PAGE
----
Let me start with an update on my PhD status. Obvious from the frequency of my blog posts, I have been extremely busy with my projects and coursework. But I am glad to say that, thanks to group mates I can trust and talented lab partners I can rely on when I’m in trouble, things could not have been more productive. And honestly, I don’t mind being under a lot of pressure as long as I am being productive.
Okay, now for the topic of this post. I have been wanting for a long time to write about something that’s very basic in physics – Newton’s Laws.
Before I go into detail, here’s a simple question you can ask your friends. And try to answer it as fast as possible, like, in under ten seconds. Come on, you are a smart guy! You shouldn’t take any more time than that.
While you are asking the question, make sure you contract your arm, and make a throwing motion, providing a visual aid for the innocent victim. If you are lucky, you’ll probably make them give you a wrong answer.
It seems like an easy enough question, but you would be surprised how many get this wrong. Of course, the question lacks a lot of detail. Where in space is the object? How far are the nearest bodies that might exert a force on the object?
The object is not going to slow down. Everyone gets this bit right. There’s no air resistance. So nothing slows the ball down. [Unless your time scale is over millennia and the ball loses its momentum bumping into tiny space particles floating around].
Now, why does the ball not speed up? You did exert a force on it that caused it to accelerate, and as I have established before, there’s nothing there to slow it down, right?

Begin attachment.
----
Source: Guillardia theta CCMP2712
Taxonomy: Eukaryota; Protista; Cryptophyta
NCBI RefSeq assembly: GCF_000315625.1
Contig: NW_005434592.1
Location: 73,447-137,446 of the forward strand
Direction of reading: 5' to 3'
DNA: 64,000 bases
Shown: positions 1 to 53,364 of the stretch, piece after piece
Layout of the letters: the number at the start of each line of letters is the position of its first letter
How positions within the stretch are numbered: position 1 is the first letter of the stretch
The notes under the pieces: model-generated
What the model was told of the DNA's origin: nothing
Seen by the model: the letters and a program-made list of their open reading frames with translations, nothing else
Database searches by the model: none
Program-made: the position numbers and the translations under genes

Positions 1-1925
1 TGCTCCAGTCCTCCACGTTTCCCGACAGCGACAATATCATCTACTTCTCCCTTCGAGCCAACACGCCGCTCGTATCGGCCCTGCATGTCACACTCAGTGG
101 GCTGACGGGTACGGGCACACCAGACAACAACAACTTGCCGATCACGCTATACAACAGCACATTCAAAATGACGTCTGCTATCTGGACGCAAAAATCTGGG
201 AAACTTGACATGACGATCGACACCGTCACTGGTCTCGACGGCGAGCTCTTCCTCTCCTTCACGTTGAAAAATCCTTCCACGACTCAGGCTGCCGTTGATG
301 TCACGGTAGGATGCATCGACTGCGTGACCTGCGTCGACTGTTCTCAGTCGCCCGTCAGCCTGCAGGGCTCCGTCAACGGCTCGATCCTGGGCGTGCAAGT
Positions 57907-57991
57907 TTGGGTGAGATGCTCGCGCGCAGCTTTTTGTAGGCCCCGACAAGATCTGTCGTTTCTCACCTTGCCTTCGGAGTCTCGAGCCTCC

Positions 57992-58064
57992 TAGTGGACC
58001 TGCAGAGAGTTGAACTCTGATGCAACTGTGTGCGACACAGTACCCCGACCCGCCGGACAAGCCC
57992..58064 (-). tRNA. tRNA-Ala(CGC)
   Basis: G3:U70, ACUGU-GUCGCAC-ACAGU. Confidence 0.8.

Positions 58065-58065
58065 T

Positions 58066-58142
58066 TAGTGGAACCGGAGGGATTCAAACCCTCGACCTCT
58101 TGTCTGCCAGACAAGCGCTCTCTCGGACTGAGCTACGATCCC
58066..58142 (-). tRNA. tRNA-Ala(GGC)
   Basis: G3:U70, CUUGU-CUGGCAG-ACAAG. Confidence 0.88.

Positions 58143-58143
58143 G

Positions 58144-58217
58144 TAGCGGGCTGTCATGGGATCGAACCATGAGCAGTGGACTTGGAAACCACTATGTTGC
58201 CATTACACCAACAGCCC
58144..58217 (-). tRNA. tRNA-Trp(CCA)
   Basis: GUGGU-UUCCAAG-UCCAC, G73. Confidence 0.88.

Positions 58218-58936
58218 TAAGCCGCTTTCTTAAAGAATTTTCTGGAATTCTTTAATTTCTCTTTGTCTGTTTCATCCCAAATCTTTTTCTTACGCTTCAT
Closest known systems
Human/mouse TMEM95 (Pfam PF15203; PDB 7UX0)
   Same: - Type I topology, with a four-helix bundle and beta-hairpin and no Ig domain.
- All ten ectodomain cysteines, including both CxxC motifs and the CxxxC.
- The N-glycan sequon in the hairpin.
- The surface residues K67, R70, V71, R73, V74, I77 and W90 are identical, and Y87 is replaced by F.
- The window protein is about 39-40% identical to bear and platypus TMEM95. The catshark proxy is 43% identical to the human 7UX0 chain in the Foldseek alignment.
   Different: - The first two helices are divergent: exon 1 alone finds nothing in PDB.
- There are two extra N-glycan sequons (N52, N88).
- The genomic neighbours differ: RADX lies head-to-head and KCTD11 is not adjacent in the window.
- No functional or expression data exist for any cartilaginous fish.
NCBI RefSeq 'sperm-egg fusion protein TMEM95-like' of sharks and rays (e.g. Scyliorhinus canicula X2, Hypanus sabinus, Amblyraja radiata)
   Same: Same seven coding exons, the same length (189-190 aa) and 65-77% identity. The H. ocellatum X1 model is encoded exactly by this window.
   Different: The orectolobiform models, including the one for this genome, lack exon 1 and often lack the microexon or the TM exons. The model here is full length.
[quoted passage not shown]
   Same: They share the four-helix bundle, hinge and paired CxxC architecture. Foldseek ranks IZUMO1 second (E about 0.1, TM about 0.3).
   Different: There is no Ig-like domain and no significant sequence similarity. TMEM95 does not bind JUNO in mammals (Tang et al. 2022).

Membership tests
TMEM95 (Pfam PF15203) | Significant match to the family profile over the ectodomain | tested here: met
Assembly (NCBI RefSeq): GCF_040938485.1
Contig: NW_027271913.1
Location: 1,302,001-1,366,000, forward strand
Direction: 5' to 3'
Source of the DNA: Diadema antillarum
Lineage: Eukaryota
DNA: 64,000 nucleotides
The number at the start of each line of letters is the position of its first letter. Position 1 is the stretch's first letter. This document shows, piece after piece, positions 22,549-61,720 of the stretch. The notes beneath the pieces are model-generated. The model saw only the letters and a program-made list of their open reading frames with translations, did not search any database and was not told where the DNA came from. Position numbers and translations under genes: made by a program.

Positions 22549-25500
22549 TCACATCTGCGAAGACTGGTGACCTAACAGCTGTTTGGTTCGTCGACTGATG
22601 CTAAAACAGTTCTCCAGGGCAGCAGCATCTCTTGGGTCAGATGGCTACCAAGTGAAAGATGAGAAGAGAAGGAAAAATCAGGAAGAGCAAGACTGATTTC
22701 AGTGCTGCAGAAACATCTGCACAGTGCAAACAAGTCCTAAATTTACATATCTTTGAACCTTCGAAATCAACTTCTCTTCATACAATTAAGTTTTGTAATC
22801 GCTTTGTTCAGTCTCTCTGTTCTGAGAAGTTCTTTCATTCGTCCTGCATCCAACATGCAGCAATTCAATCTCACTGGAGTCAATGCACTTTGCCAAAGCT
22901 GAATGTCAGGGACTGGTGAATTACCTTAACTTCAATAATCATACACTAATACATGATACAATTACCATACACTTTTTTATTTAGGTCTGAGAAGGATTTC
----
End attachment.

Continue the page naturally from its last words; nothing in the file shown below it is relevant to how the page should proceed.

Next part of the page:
Well, it did accelerate as long as your hand was pushing it forward. But as soon as the ball left your hand, it did not have any force pushing on it anymore. So, it would move in a straight line in a constant speed.
But what about the third law? For every action there is an equal and opposite reaction. So if there is a reaction force, why don’t the two forces cancel each other out and the ball remain at rest?
That’s because the action and the reaction force don’t act on the same body. The reaction force exerted by the ball acted on your hand, and decelerated it, as your biceps tied to pull your hand forward. Since the force by the ball was decelerating your hand, it could not cancel out the force your hand was exerting on the ball.
Sweet. So far we’ve covered high school level physics. But honestly, I have seen Olympiad competitors, engineering students, and even PhD students mess up this simple question. Just needs a little misdirection.
Now, after we have kind of established Newton’s laws and their ‘infallibility’, in my next post, I am going to give you an example where Newton’s third law does not seem to work.